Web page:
And this leads to my Dad. My Dad is sitting right there and although I’ve never told him yet, I suppose this would be a good time to let him know I appreciate what he’s done. He taught me that they work that we do can be bigger than just going into the office and punching out at the end of the day. He’s an entrepreneur and has such a crystal clear understanding of what his values are and what makes him happy. He needs his family, his fulfilling work (markets aside) and the connection to his friends and the outdoors to make him feel happy. He found someone that made him happy and together they’re sitting with my brother watching me tell them things I’ve never said before. As I work on a company, a book, and a speaking career, in a way, I want to have the same understanding of myself as I do my Dad and so Dad, thank you.

Fast forward now to grade 6ish. By this time I had skipped a grade and was about as wide as I was tall. I had started a business that was called beading sensations and sold jewelry at a farmers market on the weekend. I didn’t know it at the time but I suppose this was entrepreneurship, which we’ll get into a bit later. By grade 6 due to my size and lack of confidence, I was bullied quite a bit. I didn’t say much to anyone except for my dog, but learned a lot from the more difficult years of my admittedly short life. I talked very little, listened a lot, and learned very quickly that I wanted to make lives better, not worse, whenever I decided what it was I wanted to do.

Moving into highschool, things got a little better. I learned how to play the guitar, grew up a bit, and made a few friends that I really appreciate today. Ryan, in the back, is a perfect example. Thanks for coming friend.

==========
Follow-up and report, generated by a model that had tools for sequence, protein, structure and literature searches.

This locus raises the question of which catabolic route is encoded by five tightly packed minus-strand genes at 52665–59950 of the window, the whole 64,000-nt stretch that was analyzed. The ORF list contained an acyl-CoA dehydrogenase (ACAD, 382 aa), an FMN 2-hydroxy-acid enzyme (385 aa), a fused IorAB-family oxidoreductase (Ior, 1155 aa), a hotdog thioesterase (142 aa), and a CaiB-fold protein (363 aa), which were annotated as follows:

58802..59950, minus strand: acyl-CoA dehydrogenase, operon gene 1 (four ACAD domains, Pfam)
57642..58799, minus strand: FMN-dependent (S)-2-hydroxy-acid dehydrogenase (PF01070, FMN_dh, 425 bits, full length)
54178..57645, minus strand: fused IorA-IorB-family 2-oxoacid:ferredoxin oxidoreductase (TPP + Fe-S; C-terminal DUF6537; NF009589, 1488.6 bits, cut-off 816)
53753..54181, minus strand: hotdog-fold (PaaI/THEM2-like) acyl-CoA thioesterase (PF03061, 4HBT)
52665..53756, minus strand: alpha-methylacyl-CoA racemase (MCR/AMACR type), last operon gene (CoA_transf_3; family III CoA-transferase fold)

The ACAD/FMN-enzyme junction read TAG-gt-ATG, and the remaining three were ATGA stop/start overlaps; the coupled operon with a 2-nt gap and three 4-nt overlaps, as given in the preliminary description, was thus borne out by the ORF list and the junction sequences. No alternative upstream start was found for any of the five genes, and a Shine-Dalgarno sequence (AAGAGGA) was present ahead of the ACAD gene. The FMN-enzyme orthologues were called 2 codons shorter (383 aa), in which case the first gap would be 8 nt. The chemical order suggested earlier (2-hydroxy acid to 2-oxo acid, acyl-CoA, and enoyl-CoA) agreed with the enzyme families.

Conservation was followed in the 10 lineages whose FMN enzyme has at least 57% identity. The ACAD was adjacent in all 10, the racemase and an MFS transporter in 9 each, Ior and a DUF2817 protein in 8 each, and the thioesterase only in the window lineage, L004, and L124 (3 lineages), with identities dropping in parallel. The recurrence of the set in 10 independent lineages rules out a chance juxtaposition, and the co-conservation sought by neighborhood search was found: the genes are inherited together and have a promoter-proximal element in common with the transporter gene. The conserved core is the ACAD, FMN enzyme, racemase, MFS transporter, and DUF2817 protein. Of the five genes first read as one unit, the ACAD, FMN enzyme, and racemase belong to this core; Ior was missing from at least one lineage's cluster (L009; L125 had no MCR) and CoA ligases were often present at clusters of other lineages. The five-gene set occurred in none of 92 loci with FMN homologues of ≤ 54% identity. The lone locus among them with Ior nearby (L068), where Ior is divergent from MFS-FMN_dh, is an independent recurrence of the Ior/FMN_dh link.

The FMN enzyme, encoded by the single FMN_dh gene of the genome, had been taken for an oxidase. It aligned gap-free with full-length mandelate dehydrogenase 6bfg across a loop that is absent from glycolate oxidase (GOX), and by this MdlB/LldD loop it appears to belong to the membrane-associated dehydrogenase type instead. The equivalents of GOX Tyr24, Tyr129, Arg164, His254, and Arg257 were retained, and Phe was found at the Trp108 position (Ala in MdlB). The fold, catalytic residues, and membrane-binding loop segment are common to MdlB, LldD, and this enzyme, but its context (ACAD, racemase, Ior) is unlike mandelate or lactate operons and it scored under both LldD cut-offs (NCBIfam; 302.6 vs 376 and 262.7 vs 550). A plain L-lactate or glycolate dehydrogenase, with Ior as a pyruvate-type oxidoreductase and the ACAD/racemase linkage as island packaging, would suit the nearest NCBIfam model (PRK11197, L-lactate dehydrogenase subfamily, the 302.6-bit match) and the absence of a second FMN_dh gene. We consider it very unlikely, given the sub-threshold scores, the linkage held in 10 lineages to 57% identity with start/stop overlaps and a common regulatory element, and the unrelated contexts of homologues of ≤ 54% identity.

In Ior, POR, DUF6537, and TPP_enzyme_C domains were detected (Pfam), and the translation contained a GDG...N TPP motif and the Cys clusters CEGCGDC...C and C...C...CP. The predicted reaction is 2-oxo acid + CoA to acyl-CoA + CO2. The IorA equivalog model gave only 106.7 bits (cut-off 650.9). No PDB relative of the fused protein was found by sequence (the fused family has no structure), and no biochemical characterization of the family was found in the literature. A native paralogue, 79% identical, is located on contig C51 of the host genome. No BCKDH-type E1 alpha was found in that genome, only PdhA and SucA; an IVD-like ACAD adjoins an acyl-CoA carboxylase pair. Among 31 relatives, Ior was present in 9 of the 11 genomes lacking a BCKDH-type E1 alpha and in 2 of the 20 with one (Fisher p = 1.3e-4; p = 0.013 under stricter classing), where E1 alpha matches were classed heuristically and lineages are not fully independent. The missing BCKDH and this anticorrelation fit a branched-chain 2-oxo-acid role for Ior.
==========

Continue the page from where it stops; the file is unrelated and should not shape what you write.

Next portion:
During the summers I worked in the Northwest Territories for my Dad and flew to work in a helicopter every day and slept in a one person tent for 88 days. I think. Things got a little foggy up there. I mean, for example, on day 2 I ran into a grizzly bear that barked at me like a dog, was stalked by a wolf, and had a wolverine scratch at my tent. Yes, these were terrifying, but, some say character building too.

Come the end of grade 12 I had a 90% ish average and had a decision to make. Obviously it is clear which decision I went with, and I cant be more happy as a result.

Coming to the University of Calgary was a bit of a culture shock though. As I’m more interested in giving a transparent and honest story than a fabricated one, I’ll say now that I’m not overly proud of my first years here, but am thankful they made me who I am today.

In year one I moved into Kananaskis Hall. I don’t need to get into the details of residence for people to know how fun it can be, which is why you’ll understand how difficult it could be for a 17 year old from cranbrook who didn’t get out much too. By the end of my first year I had dropped one course, passed another by the exact percent needed, and gained 25 pounds. Yes. Actually 25. Freshman 25. As I rolled back up to the NWT I didn’t really relax from the draining year and started working probably 105 out of the 120 days of the summer, only to come back to a more fun, 4 bedroom residence after being isolated with 4 other people at least 5 years my senior for a full summer. Thinking back this was a recipe for disaster.

In residence again, cascade this time, I lived with 3 other people who were way too fun. Best friends from the disaster that was first year we had the party room. This basically meant that Monday, Thursday, Friday, and Saturday, and sometimes Tuesday, Wednesday and Sunday, we had people over and a hangover the next morning. Again, I’m not proud of this, but it is a key part in the story. After dropping another accounting class and sitting a little uneasy with a 2.1 GPA, I decided I needed to step back and evaluate why I was at school and what I wanted with my life. Maybe not in a concrete way, but at least have a better idea than the one I was going in with. After my third semester here, I dropped out. I didn’t think I was going to make it- at least not at that point in time.

Home I went. Tickets were booked to the east coast of Australia to meet my cousin and I was going to figure out who I was and what I was going to do and be. Here I learned a lot, but not at all what I expected to learn.